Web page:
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Last Reviewed on June 19, 2019, by eNotes Editorial. Word Count: 220

The Well of Loneliness by Radclyffe Hall was considered a groundbreaking book in gay and lesbian literature for its sensitive treatment of lesbians and female masculinity. It was published in 1928, and it sparked a storm of criticism and engendered ambivalent feelings about gender identity. Hall tells the story of Stephen, a lesbian woman in the 1920s, who struggles to understand her feelings at a time when lesbian feelings were shunned by the public and rarely discussed, even in private. Hall wrote the novel with the intention of sparking a discussion about what she believed to be a misunderstood group of people—one that was misunderstood largely because they were never discussed.

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As Stephen goes through life, she feels more comfortable in male roles than she does in female roles, but because she is expected to live life as a woman, she feels like she can never live a fulfilling life as either a man or a woman. Stephen sinks into a well of loneliness both because she fails to be understood by others and because she fails to understand herself. Her father understood her, but after he died, she was shunned by her mother and by society. She experiences happiness with a few women in her life, but her feelings of confusion and self-doubt lead her to sabotage the relationships.

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Last Updated on May 6, 2015, by eNotes Editorial. Word Count: 519

The Well of Loneliness examines the lonely life of Stephen Gordon. The only child of English country gentry, she is reared as the son her parents never had. Boyish and awkward, Stephen is close to her father, sharing his interests in riding, hunting, and learning. Yet her mother never finds a way to love this odd and ungraceful child. Stephen’s isolation is rather acute: She is educated at home by governesses.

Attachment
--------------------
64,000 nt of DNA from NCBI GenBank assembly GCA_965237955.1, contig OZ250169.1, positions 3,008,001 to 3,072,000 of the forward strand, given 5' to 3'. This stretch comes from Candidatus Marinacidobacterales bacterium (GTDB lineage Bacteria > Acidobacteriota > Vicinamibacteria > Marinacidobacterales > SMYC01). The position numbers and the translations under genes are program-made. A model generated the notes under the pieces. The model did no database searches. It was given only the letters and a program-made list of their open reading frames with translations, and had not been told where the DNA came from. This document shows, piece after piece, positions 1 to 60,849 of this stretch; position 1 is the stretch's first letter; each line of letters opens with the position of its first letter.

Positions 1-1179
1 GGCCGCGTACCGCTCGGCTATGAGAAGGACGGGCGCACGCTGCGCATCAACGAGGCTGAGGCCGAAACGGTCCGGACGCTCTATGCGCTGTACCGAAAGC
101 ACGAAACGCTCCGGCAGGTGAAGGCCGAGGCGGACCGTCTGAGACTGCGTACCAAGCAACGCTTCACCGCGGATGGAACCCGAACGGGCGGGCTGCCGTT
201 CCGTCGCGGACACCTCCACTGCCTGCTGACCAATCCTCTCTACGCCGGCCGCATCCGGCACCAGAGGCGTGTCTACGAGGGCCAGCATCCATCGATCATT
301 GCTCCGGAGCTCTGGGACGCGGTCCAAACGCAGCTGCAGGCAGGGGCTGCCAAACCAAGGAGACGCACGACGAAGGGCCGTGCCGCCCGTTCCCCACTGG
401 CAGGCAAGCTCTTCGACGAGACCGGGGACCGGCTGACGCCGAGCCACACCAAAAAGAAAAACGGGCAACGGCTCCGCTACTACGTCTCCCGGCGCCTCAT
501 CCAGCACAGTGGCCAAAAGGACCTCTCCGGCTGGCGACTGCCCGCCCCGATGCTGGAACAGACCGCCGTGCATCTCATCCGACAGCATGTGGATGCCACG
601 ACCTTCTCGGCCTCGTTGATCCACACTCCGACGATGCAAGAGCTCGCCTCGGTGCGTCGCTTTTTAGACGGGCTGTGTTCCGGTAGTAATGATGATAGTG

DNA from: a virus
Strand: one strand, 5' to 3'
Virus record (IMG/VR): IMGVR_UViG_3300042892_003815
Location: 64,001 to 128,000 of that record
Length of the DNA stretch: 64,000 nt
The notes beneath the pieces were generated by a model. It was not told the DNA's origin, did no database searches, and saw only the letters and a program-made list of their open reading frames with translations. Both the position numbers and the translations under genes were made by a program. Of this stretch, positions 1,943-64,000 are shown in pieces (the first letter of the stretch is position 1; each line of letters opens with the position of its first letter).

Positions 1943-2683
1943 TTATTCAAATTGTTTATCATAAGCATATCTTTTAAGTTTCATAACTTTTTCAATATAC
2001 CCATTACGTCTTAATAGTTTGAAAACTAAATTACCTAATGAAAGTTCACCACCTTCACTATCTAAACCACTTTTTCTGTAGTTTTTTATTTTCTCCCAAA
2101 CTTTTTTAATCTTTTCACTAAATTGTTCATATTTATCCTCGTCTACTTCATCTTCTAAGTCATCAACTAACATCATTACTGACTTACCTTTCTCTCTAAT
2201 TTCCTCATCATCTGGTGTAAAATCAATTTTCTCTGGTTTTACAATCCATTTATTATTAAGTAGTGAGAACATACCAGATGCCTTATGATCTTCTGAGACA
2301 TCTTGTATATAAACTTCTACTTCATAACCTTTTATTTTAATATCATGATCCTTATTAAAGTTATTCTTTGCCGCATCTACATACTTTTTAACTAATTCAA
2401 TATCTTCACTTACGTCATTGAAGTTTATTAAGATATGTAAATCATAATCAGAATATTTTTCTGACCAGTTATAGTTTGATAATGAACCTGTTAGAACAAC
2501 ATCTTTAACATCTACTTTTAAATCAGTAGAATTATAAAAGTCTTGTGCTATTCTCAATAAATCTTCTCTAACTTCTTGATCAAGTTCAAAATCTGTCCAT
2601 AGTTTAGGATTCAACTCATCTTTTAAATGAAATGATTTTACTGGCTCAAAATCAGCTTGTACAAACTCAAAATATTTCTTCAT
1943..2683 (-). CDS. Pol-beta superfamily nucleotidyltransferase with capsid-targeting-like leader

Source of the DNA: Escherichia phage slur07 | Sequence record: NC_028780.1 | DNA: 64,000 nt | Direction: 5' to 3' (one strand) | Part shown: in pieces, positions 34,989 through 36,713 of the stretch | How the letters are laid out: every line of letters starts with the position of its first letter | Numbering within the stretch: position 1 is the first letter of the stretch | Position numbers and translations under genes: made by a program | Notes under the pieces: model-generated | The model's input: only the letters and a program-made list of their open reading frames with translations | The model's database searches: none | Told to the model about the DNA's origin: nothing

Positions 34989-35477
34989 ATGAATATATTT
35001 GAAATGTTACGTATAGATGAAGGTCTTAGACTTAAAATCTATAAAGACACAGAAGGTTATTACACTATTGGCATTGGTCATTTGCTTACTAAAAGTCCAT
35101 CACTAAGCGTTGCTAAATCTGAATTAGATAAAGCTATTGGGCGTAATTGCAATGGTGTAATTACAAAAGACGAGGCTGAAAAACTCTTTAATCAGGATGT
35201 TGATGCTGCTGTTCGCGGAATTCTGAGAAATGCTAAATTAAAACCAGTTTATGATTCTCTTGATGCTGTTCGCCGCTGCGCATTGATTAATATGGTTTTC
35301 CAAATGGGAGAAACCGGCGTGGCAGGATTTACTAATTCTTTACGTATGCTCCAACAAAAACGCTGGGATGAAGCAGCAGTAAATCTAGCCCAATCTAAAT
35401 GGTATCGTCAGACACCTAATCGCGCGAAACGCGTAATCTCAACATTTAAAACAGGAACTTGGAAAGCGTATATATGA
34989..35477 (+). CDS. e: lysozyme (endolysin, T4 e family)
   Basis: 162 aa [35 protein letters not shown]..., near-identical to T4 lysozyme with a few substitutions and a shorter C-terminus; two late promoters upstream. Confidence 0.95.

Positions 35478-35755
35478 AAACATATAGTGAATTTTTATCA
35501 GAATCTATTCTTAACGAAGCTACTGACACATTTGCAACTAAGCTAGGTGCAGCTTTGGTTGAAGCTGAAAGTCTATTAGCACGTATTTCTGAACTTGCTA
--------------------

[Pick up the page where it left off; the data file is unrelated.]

In one of her first attempts at finding love, the young Stephen forms an intense crush on a family maid, becoming enraged upon discovering the woman embracing the footman. After he learns of his daughter’s heartache, Sir Philip involves himself even more in Stephen’s upbringing, although he never tells Stephen or his wife of his suspicions. Neither does the schoolmistress, Puddle, although the author heavily implies that this woman’s own oddness gives her special insight into her young charge.

Once Martin Hallam enters the picture, it appears that Stephen may not be as strange or different as her father has suspected. Yet, after Stephen is insulted and enraged by Martin’s proposal, it is clear that she will never marry. Soon after, Stephen’s father dies, and Stephen turns to Angela Crossby for emotional consolation. Angela uses Stephen, however, returning the girl’s love with betrayal: Although she had spent much time in Stephen’s arms, talking of love and accepting expensive gifts, Angela shows her husband one of Stephen’s passionate letters. Angela’s attempt to end the relationship with Stephen results in her husband’s exposing Stephen to her mother. Lady Anna condemns her daughter, banishing her from Morton, the family estate.

Stephen and Puddle move to London, where Stephen becomes a successful novelist. At the urging of a homosexual acquaintance, Jonathan Brockett, they move to Paris, where Stephen has her first glimpse of lesbian culture. With the outbreak of World War I, Stephen becomes an ambulance driver, receiving both a medal and a scar of honor and becoming acquainted with Mary Llewellyn. Although the relationship proceeds rather slowly, Mary’s love for Stephen overcomes Stephen’s reservations, and they finally set up housekeeping back in Paris.

Yet their relationship is not an easy one. Stephen is forbidden to bring Mary to Morton. The only acquaintances they make in respectable society cancel invitations and refuse to associate with...

(The entire section contains 1956 words.)

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